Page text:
Reset Windows Administrator and the Linux Root passwords with Pictures!!

Resetting the Windows administrator’s password or Linux root account password is a common troubleshooting practice when faced with systems infected with mailware, data corruption, and system recoveries. This article does not prompt malicious use, but instead stress the point that an account password does not protect your data.
In principle, passwords are stored locally, anything stored locally can be obtained and modified by slaving that physical data. For example, a hard drive can be removed, added to a different computer already running it’s own OS. That drive will now show up as a slave drive and the contents easily accessible. The following tutorial does not use any third party tools, and only relies on the initial media used to install the OS.

Resetting Stock Windows Administrator password using Installation Disc

This method will only work if you have not touched the stock Administrator account that comes with a fresh install of windows 7. By default the Administrator account with a blank password and disabled. In this method we will take advantage of this by enabling the Administrator account via the registry. If you set the built-in Administrator account for your Windows rollouts or your home Windows machines I give you kudos for being a smart user and follow best practices in locking down your computer. However it does add an extra step in resetting the Administrator’s password. But, No problem!

The following two sceniors make use of the Window Installation Disk.
Windows 7 32-bit Professional Installation Disc
Windows 7 64-bit Professional Installation Disc

  1. Boot into your Windows Installation Disk

  2. Click Next, and wait for Recovery to scan for Windows OS’s

  3. Click the Windows OS you want and click next. This will bring you to the Recovery Options list. Click command prompt.

  4. Once command prompt opens, type regedit
  5. Regedit will open, click on HKLM, then click File –> Load Hive.¬† Now we need to navigate to the system SAM file located usually D:\Windows\System32\config\SAM ,since C: is the reserved partition Windows 7 makes. If this is not the case you will have to use diskpart on the command line to figure out which drive letter to use.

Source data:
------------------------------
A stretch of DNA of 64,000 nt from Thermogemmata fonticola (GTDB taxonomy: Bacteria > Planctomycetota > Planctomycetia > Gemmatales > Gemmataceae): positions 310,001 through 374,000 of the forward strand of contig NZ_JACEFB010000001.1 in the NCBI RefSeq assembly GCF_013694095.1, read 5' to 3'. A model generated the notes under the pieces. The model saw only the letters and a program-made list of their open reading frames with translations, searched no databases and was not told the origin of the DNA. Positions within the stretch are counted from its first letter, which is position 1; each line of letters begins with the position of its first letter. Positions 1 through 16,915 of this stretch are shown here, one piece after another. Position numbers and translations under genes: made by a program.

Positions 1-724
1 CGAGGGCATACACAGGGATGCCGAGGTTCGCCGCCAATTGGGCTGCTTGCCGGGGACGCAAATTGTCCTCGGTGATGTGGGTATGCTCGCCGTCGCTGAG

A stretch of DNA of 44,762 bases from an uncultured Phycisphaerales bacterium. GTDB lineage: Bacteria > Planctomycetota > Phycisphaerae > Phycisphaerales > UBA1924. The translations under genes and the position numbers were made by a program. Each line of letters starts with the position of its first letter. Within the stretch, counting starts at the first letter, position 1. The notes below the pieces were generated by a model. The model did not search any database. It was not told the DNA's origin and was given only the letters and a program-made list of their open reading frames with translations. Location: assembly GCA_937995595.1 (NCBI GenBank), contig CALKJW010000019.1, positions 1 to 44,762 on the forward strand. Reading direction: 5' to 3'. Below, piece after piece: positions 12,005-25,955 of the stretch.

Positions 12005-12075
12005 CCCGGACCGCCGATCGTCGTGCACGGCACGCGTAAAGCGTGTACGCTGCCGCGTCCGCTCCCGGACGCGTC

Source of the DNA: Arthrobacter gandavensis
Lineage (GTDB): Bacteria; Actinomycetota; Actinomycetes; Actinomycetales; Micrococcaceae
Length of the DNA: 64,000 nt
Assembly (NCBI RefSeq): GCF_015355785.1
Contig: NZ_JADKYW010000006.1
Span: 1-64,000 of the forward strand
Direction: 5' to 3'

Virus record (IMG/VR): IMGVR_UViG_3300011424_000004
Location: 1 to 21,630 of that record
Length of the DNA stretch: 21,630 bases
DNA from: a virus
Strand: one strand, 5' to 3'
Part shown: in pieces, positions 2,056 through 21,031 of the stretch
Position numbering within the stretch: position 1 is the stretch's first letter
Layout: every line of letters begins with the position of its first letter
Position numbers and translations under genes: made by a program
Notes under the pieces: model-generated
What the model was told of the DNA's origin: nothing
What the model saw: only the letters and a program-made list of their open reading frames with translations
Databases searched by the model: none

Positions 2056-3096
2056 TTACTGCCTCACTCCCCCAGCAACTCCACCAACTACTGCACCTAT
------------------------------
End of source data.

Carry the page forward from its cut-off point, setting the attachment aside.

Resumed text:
6. Give the Loaded Hive a name, this can be anything. I named my testReset. It will now show up in the Registry list.

  7. In this new Hive List, browse to {testReset} –> SAM –> Domains –> Account –> Users –> 000001F4 and modify the Key F4
  8. Locate the hex 11 bit and change it to 10 and click OK and this will activate the stock administrator account that is currently disabled.

  9. Restart the system and you should see the Administrator account at the Login Prompt.
  10. Log into the Administrator and use Computer Management to set the password of your account.

Resetting Non-Stock Administrator Password using Windows Installation Disc

  1. Repeat Steps 1-4 from the first method.
  2. We need to load a Registry Hive from the system we are trying to reset the password for. In this case SYSTEM instead of SAM, located D:\windows\system32\config\SYSTEM ,since C: is the reserved partition Windows 7 makes. If this is not the case you will have to use diskpart on the command line to figure out which drive letter to use.
  3. Navigate to the Registry key SetupType located under testReset –> Setup –> SetupType. Modify this DWORD value from 0 to 2 and click OK

    NOTICE: A value of 2 will run the value located in the CMDLine registry key. Value 0 =does nothing and shows the login screen at boot. Value 1 = Runs the value located in CMDLine registry key, but then Restarts.
  4. Edit the registry value of CMDLine
  5. Unload the tesetReset Hive. Click on testReset then click File –> Unload Hive.
  6. Restart the system, you will be presented with the following command prompt
  7. Now set the Administrator Password via the syntax net user Administrator {passwd}
  8. Type exit, and you should be presented with the Login Screen. Try the password you just set!!!

Resetting Linux Root Password using Single User Mode

  1. Reset the system and enter editor mode of your Boot loader. In my case Grub. Select the boot line and hit ‘e’
  2. Find the Linux/Kernel Line:
  3. Add single init=/bin/bash to the end of the kernel or linux line(depends on your version.
  4. Boot the changes we just made. In my case and version of grub F10 boots the changes, check with your boot loader, it should be written at the bottom of the editor. As you can see we are dropped into a read only root shell. IfIf you try to reset the password now you will receive this error:
  5. The filesystem will be set in read only mode, which does not allow us to manipulate the password user file. To remedy this do the following to mount the volume as read/write
    # mount -rw -o remount /
    # passwd root
    # *****
    # *****
  6.  Repeat the passwd reset procedure again
  7. Verify
    Now restart the system and try to log in as root with the password you just set


I hope this article is both helpful and informative. We can see from this article that physical security (the ability to physically obtain) your data is very important. Regardless of the password strength you choose. There are also preventative measures to take in tandem with a strong password. Some preventative measures we can utilize are are free are:

  • Windows users can use BitLocker, a free drive encryption software built into windows to prevent a third party or bootable media obtaining or modifying the password file.(SAM file).
  • Windows users can use TrueCrypt, a OpenSource drive encryption software.
  • Linux users can encrypt GRUB, see this article.
  • Linux users can also use open source drive encryption to prevent third party or bootable media from obtaining or modifying the password file.(/etc/passwd)